SC: Storing Adulterated Food for Making Food for Sale is Punishable u/Food Adulteration Act


April 26, 2018

Case name: Delhi Administration v. Vidya Gupta

Date of Judgment: April 24, 2018

The statutory provision to which the instant case relates is Section 7 of Prevention of Food Adulteration Act, 1954.

Also read Protection of Consumers from adulteration of food.

Brief facts of the case were that the accused, a vendor of a Sweet shop in New Delhi was in charge of the day to day business of the shop. One of the Food Inspector purchased a sample of Ghee, for analysis from the shop where the said food article was stored for sale. On analysis of the Ghee, report was prepared which opined that the sample did not conform to the standards of Ghee as per the Food Adulteration Act and charges were framed. Thus, the accused was held guilty of the violation of the several provisions of the Act alongwith with Section 7 of the Act.

Section 7 of Prevention of Food Adulteration Act, 1954 prohibits a manufacturer or seller from sale of adulterated food. The explanation to Section7 further states that a person shall be deemed to store any adulterated food if he stores such food for the manufacture there from of any article of food for sale.

The High Court in appeal held the accused not guilty of offence under Section 7 of the Act mainly on the ground that the sample of Ghee that was taken was itself not meant for sale but it was meant to be used merely as an ingredient in the preparation of sweets which in turn were meant for sale, and therefore no offence is made out.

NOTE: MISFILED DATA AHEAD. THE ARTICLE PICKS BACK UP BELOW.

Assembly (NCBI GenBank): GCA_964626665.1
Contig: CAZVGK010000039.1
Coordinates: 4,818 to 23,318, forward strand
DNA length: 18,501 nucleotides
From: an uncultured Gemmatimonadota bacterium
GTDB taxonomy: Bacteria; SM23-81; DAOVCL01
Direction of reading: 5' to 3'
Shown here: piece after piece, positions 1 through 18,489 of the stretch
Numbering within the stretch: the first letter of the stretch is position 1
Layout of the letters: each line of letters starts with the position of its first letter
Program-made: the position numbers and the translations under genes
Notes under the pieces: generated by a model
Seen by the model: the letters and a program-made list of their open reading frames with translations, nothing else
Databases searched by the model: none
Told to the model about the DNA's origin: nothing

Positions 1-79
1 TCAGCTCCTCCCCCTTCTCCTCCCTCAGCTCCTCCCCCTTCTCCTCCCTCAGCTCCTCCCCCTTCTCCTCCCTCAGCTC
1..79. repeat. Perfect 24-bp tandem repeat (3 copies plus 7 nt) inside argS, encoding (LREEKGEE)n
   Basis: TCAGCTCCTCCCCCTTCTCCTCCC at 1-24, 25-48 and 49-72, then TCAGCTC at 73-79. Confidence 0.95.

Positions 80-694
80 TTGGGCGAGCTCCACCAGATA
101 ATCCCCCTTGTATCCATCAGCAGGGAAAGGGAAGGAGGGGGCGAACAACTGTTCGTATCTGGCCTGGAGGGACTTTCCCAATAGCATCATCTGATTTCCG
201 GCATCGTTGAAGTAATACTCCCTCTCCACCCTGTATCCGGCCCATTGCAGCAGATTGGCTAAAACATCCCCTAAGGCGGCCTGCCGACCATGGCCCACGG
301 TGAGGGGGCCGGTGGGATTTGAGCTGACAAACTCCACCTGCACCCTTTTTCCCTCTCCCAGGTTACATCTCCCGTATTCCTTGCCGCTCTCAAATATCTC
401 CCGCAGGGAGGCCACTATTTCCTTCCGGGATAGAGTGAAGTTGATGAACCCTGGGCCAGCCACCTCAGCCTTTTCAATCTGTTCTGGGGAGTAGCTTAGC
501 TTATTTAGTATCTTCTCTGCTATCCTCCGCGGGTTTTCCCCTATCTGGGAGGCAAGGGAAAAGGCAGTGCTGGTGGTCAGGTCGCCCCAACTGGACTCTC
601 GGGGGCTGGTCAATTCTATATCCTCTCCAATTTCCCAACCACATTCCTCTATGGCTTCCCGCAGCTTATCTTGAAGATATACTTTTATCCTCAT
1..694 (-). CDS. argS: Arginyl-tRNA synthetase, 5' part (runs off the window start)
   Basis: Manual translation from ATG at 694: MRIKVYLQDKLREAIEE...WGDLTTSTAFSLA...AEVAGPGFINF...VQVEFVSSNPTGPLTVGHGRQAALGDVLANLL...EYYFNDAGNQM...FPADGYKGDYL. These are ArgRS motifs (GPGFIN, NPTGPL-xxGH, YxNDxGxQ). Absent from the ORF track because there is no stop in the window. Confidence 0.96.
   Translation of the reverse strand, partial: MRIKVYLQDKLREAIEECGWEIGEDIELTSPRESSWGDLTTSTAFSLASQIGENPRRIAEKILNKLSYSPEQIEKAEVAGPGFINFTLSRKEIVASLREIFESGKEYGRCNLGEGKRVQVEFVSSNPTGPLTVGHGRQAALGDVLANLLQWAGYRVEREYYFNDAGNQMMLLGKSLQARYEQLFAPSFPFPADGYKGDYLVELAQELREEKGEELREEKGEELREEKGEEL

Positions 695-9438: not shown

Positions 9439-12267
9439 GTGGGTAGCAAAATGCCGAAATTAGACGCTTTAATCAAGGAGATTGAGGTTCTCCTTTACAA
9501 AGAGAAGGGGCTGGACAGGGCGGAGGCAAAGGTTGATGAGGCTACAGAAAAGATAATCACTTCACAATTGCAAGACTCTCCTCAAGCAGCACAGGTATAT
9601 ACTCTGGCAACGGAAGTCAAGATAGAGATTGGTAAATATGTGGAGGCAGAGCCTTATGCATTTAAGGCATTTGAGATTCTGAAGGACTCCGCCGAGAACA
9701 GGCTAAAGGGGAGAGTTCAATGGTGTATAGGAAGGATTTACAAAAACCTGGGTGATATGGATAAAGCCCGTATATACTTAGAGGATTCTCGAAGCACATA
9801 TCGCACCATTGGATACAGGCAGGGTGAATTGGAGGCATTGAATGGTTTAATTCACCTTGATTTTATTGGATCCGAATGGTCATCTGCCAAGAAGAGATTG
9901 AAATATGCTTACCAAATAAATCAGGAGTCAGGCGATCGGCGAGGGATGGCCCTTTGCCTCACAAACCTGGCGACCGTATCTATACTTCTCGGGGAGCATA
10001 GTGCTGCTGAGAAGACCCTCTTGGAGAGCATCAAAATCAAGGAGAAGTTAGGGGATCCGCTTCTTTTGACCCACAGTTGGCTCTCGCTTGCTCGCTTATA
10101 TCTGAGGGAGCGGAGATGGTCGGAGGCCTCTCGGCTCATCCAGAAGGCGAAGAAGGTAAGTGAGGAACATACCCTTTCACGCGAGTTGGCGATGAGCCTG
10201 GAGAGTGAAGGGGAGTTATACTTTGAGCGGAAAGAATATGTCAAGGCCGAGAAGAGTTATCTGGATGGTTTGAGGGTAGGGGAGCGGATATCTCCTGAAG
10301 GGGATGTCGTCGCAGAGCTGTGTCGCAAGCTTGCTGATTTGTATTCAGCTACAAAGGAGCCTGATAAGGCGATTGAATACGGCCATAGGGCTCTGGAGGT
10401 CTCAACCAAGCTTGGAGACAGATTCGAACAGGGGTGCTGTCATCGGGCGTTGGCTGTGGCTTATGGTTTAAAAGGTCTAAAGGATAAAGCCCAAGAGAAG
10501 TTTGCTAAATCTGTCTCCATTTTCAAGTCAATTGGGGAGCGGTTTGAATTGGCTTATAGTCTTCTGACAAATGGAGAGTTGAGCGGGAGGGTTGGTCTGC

Bench’s Verdict

The Two-Judge Bench of the Supreme Court while making reference to relevant statutory provisions in the case held that the accused was guilty of offence under the Act and made the following observations in the case:

  • The Supreme Court opined that explanation to Section 7 clearly laid down that if a person stores any adulterated food for the purpose of manufacturing from it any article of food for sale, he shall be deemed to store adulterated food.
  • That the purpose of this provision is clear, i.e. it prohibits the storing of adulterated food notwithstanding the fact that such adulterated food is itself not offered for sale, but is used in making some food which is offered for sale. It is clearly to prevent the adulteration of food and its sale to the public even when it is meant to be used for preparing some other food which is offered for sale.
  • Thus, either way, whether the adulterated food is stored for sale, or if such food is stored for making some other food which is sold, such storing is an offence. Parliament has rightly assumed that no one, who offers food for sale, would store food which is not meant to be used in some food meant for sale.
  • In the present case, the sample of Ghee that was taken was from the Ghee that was stored for the purpose of making jalebis. On the accused’s own admission, the offence is clearly made out under Section 7 of the Act.

The entire case can be accessed here.